What Tax Cuts Do

The Obama tax deal with Republicans is insane

Tony Wikrent, Real Economics

Wednesday, December 8, 2010, 8:54 PM

If you look under the hood of the industrial economy, you easily see why there is this counter-intuitive relationship between tax rates and economic growth . With high taxes, the only way to retain the bulk of the wealth created by a business is by reinvesting it in the business — in plants, equipment, staff, research and development, new products and all the rest. But if tax rates are low, then there is more incentive to pull the wealth out, by declaring it as profits that are taxed at what turns out to be too low a rate. In other words, low taxes create an incentive for profit taking.

If tax rates are high enough to discourage profit taking – forcing wealth created by a business to be recycled back into the business – then businesses are pushed toward longer-term planning, as they invest in new plant and equipment that will be used for many years. And you do not get the absurd situation you have now, where companies are posting record breaking profits, but are not buying new equipment, nor hiring new employees.

Low tax rates encourage taking wealth out of industrial companies; the wealth taken out must then be “put to work.” That means more money chasing “investment” opportunities, leading to price increases in financial capital or real estate or some other asset. In other words, an asset bubble. The rise in prices of an asset bubble has nothing to do with the creation of real wealth. It all looks like prosperity – until the asset bubble bursts. That’s where we are now.

Is it that simple?  Yes, yes it is.  It’s just that simple.

I encourage you to read the whole thing which also includes 3 great historical failures of low tax policies and a prescription for a modest financial transactions tax to further encourage investment in capital (as opposed to financial) assets.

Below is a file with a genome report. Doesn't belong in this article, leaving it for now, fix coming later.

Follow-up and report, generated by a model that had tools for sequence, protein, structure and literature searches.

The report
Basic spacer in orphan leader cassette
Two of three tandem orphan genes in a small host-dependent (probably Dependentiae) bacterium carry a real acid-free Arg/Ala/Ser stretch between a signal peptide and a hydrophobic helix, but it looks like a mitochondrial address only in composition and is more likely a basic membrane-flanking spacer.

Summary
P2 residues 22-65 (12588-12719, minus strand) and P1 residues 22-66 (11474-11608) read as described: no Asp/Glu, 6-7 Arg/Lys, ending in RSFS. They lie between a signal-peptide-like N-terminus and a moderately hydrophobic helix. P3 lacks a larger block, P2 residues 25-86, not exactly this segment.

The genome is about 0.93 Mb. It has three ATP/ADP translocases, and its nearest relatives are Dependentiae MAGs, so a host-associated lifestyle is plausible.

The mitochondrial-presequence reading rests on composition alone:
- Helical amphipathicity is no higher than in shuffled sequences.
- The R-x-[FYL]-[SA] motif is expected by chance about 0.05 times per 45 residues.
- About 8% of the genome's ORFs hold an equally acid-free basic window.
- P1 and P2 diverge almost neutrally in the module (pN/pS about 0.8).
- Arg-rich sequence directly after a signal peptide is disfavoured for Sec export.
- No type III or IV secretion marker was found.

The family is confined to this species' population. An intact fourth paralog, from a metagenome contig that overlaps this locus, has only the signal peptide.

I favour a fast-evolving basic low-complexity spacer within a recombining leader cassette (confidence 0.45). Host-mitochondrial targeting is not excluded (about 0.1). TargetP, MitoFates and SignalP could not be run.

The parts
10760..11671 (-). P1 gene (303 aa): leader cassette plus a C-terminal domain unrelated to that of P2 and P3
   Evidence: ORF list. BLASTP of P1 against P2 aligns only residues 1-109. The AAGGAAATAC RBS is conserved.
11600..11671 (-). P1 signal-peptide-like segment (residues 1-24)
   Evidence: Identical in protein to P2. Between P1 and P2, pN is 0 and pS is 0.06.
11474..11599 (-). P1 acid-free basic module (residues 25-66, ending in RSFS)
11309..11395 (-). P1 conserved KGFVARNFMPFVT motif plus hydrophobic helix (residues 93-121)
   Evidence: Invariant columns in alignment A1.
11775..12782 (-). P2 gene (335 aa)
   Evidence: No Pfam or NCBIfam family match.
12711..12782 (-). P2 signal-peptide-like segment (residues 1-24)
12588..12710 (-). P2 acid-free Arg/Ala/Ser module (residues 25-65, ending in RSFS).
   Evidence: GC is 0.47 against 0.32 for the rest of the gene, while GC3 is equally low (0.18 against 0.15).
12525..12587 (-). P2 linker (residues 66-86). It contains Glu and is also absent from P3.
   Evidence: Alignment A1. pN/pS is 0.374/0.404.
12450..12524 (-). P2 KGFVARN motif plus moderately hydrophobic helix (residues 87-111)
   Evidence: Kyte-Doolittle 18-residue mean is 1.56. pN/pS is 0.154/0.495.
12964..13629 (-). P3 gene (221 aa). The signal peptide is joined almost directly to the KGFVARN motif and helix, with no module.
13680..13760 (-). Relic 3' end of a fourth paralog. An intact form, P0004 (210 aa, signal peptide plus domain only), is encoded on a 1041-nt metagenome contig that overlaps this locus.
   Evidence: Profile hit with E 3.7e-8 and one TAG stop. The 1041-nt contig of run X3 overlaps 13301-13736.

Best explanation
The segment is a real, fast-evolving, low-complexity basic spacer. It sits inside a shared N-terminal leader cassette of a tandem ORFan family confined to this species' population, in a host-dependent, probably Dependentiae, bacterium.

(h/t Corrente)


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    • TMC on 12/09/2010 at 16:54

    Obama is giving the Republicans more hostages.

    December 2011

    (But) the new deal creates another hostage situation – this time for December 2011, when the good stuff in the deal is scheduled to run out.

    Look at the Zandi estimates: they show a boost to the economy in 2011, which is then given back in 2012. So growth is actually slower in 2012 than it would be without the deal. . . . . .

    Now, what we know from lots of political economy research – Larry Bartels is my guru on this – is that presidential elections depend, not on the state of the economy, but on whether things are getting better or worse in the year or so before the election. . . . . . .

    Put these two observations together – and what you get is that the tax-cut deal makes Obama’s reelection less likely. . . . .

    Think about the dynamics that sets up for December 2011. The Democratic parts of the deal will be on the verge of expiring, while the Republican parts will have another year to run. Won’t that put the Dems in a desperate position? Won’t Obama be strongly tempted to make further big concessions to get something to boost the economy for another year?

    • TMC on 12/09/2010 at 17:34

    Just came across CNN

    Defying President Obama, House Democrats vote not to bring up tax deal he

    negotiated with GOP in its current form.

    The Democrats are sending Obama a message. Don’t negotiate with terrorists

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